Shoreline Sober Living, San Diego, CA

Addiction During Covid-19

Concerns have been raised that the COVID-19 pandemic could result in a rise in alcohol and drug addiction relapses. For those people needing immediate treatment, it can seem to be a difficult time to find help when vital support services such as counselling have been affected by the lock-down and the implications met from new social distancing regulations.

In the middle of the coronavirus crisis, we know that people continue to suffer from addictive tendencies – and some may relapse back to either alcohol or drug use as a consequence of the additional pressures at this time. Feelings of loneliness, inability to meet friends and relatives and increasing anxiety may amount of relapses which in normal times would have been prevented by help from family, friends and support services.

As the pandemic began to affect our everyday lives one reaction to the lock-down that some people began to stock up on alcohol, with spirits seeing the highest increase. The World Health Organisation (WHO) official referred to this as an “unhelpful coping strategy”. With routines being so different during lock-down it might be easier to reach for a drink more frequently than normal.

Known as “deaths of despair”, there are concerns that COVID-19 is leading to excess deaths from factors such as rampant unemployment, isolation and fears about the uncertain nature of the future.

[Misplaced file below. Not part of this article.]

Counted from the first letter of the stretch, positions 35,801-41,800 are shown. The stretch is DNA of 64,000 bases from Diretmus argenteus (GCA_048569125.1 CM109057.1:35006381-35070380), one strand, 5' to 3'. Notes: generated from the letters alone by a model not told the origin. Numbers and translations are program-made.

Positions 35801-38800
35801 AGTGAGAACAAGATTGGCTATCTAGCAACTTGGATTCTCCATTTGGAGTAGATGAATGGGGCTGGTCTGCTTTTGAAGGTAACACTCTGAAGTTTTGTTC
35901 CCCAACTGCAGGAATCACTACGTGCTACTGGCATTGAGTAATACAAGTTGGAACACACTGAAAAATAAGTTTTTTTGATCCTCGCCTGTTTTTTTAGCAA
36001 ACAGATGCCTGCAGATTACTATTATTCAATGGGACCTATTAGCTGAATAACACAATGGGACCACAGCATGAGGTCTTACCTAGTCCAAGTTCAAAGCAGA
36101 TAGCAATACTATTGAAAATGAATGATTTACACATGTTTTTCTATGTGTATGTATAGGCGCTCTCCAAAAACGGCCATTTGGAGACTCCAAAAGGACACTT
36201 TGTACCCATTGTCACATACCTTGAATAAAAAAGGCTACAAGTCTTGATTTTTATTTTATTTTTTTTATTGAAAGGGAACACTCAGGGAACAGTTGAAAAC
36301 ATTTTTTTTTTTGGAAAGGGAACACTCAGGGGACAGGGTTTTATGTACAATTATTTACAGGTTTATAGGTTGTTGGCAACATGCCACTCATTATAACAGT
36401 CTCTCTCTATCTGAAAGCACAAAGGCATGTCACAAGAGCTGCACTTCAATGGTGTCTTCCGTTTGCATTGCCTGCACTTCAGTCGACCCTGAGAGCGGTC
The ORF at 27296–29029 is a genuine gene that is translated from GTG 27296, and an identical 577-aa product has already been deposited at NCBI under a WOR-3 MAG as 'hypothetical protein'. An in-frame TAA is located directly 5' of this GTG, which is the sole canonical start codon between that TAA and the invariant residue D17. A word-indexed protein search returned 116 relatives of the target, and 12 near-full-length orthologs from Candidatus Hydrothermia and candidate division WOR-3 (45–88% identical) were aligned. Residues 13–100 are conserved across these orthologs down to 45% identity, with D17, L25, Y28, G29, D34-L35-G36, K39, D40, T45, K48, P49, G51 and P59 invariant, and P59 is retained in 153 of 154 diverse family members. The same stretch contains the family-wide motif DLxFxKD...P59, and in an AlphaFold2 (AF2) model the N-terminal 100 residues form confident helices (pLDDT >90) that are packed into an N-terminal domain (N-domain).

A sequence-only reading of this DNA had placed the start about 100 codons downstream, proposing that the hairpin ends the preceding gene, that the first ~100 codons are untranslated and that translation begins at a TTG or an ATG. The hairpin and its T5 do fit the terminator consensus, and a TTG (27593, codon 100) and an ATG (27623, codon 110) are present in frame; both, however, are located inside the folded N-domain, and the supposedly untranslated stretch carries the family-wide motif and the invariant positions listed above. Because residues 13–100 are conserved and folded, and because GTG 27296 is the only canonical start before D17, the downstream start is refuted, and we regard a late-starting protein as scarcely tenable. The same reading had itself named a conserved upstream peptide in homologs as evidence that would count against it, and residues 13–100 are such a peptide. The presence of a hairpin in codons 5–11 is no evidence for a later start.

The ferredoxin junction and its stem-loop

Continual news stories about COVID-19, economic downturns and extended restrictions on everyday life mean that feelings of anxiety and despair will increase as weeks of quarantine take their toll.

Taking Action

Re-focusing your mind to say this is a chance to focus on yourself and your family as well as a time to reflect, may help to relieve that trapped feeling. If your still struggling to find different ways to use this time effectively in combating drug or alcohol addiction, take a look at some of our top tips to keep you distracted.

Sticking to your normal routine and keeping active will mean that it will be easier to re-adjust to the (new) normal when restrictions ease up once again. Licensed counselors and professionals are available by phone or online and are very concerned that people with mental health issues do in fact utilize these services that are available by reaching out to a professional for help in these stressful and uncertain times.

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